"On behalf of ANEC - the European consumer voice in standardisation - we have studied accidents in the UK, Sweden and the United States involving children in child seats and have particularly looked at situations in which the children have been seriously injured or killed. We are in no doubt that the very safest way to carry children up to 4 years of age is rearward facing. In Scandinavia, they have used large rearward facing seats for many years and have convincing accident evidence that they do a good job. There are accident examples in all three countries of situations where children have suffered needless injuries whilst in their forward facing child seats. It is time to learn from the Nordic experience and for all parents to seek out suitable rear facing seats for their children until they are around 4 years old. Manufacturers, shops and legislators need to be active in making it easier and cheaper for parents to find and buy the safest form of restraint. It is crazy that the best seats are not readily available throughout Europe."
Dr. Peter Gloyns and James Roberts, Directors, Vehicle Safety Consultancy Ltd., UK
"Compared with an adult, a baby’s head is four times as heavy in relation to the rest of the body. A baby’s neck is not sufficiently developed to hold its head up. A baby therefore needs extra support and protection in the head and neck region. In a collision, a safety belt that goes across the stomach can cause injuries to the liver, kidneys and spleen. The belt must be designed to go over the child’s hip region, or as a Y-belt with a strap between the child’s legs.
In side-on collisions the risk of injury is proportionally greater than in collisions from the front or back. Nevertheless, it is only recently that intensive research has been carried out into side-on collisions. Nowadays children’s car seats are available with effective reinforcements in the sides, which have been crash tested over and beyond the requirements for ECE approval. Children’s car seats in advanced designs, which are made to withstand these collisions, are often reinforced with metal.
It can be dangerous to move about in traffic. All the same, we need to do so for practical reasons. Then it is necessary to give our children the very best protection possible. Up to the age of four years, it should be taken for granted that they travel facing rearwards in specially designed children’s seats. The reasons are very simple: A forward-facing seat increases safety by 50%, while in a rearward-facing seat, safety is increased by 90-95%! As parents, we carry the main responsibility for our children’s safety. We must protect them as well as we can, in traffic too, and make sure that everyone in the car is restrained."
Inggard Lereim, Professor, Doctor of Medicine and Chairman of the Nordic Traffic Medicine Association
"In Sweden the authorities have campaigned for 25 years for children in cars to sit in special rearward-facing seats. The reason is that we want to avoid injuries to the head and neck region. The child’s head is very heavy compared with the rest of the body. A nine-month-old baby’s head comprises 25% of its total body weight, while in an adult the head weighs 6%. In a collision, the child’s neck is subjected to a proportionally higher strain. In a rearward-facing seat, the force of a collision is distributed optimally over the child’s head and back. Over a million rearward-facing seats are in use in Sweden, and we do not know of any cases where a child in a rearward-facing car seat has been seriously injured in a frontal collision. Swedish accident research has shown that rearward facing children’s car seats reduce serious injuries by 92%, while the forward-facing seats only reduce injury by 60%. In the last few years the rest of Europe has also become aware of this. A number of cases are known in which children have been totally paralysed as a result of neck injuries while using forward-facing seats."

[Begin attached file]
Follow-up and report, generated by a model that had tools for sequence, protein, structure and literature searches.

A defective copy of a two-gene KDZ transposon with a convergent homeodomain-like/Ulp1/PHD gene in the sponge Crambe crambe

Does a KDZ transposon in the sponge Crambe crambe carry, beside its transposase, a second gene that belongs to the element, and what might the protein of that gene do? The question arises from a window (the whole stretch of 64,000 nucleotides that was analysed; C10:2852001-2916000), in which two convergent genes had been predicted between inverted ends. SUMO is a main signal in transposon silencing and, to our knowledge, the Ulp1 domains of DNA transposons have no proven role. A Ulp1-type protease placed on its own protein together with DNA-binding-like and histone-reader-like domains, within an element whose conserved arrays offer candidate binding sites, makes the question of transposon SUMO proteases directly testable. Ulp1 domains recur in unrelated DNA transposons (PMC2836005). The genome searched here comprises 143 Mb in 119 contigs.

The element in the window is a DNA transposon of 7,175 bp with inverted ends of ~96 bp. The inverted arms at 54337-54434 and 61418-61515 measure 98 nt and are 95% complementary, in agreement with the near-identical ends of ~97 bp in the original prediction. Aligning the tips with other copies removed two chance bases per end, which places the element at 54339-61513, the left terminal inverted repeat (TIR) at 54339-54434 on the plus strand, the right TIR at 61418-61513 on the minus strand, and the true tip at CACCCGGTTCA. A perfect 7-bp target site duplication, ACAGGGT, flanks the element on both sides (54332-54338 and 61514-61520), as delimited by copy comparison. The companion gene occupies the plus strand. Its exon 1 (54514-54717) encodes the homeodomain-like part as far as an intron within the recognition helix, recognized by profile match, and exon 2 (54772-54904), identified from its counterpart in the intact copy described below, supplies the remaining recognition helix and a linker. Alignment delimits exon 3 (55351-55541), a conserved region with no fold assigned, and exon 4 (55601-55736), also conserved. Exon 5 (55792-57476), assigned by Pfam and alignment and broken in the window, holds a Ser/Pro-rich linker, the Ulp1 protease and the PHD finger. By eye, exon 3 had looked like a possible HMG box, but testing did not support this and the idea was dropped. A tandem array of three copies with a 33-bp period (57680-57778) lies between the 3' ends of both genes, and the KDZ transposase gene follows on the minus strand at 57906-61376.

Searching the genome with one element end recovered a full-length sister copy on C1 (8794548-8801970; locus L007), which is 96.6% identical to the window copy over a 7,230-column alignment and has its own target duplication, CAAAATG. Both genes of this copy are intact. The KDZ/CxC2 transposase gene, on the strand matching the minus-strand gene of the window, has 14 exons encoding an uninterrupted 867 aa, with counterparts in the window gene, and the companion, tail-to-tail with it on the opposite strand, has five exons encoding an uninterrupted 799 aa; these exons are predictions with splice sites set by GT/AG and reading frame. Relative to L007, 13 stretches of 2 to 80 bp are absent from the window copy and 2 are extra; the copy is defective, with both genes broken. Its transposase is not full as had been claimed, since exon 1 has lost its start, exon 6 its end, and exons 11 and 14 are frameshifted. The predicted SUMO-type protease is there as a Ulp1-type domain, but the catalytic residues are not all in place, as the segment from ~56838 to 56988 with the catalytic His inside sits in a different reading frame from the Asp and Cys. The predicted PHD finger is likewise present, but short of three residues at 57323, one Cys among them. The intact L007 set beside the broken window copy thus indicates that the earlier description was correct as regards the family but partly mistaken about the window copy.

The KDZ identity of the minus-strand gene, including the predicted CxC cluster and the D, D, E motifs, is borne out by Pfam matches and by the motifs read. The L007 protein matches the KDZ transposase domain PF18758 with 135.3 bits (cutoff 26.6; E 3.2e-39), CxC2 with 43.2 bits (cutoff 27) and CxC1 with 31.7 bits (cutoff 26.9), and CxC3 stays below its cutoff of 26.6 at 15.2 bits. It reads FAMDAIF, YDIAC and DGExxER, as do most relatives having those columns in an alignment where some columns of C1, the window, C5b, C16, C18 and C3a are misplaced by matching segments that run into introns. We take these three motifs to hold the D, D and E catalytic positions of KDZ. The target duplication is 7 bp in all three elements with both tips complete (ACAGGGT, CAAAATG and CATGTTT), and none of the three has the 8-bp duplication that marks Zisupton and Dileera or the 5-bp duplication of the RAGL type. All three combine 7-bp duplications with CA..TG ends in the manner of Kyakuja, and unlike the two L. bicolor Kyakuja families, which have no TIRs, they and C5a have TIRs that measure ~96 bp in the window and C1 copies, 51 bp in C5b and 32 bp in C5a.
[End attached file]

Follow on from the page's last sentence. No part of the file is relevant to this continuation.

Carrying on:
Thomas Turbell, VTI (Swedish National Road and Transport Research Institute)
"RoSPA agree that it is safer to carry children rearward facing, although forward facing seats are designed and tested to European Standards (ECE R44.03 or R44.04), and should not be deemed 'unsafe'.
The larger Swedish seats comply with European Standards and so you can use one if you import it, or bring one to the UK, although you should be certain that it fits safely and securely in your car – as child seats provide much less protection if it has been accidentally fitted wrongly or is incompatible with the car"
Duncan Vernon, Road Safety manager (England), ROSPA
"Do you think your child is worth as much as three or four tankfuls of petrol? Of course you do. Of course you believe that everyone in the car should be restrained with approved safety equipment.
Children’s safety in the car costs a little but means a lot. Traffic injuries are often permanent, but many of them can be prevented using safety equipment. Think about that before you set off in the car – it is your choice and your responsibility!
The cost is no excuse in matters of restraining children safely in the car. There is no shortage of safe children’s seats either. There is a wide range of safety equipment. Product information that complies with European requirements and standards will help you make the right choice."
Leif Agnar Ellevset, Trygg Traffik (Norwegian 'Safe Traffic' Organisation)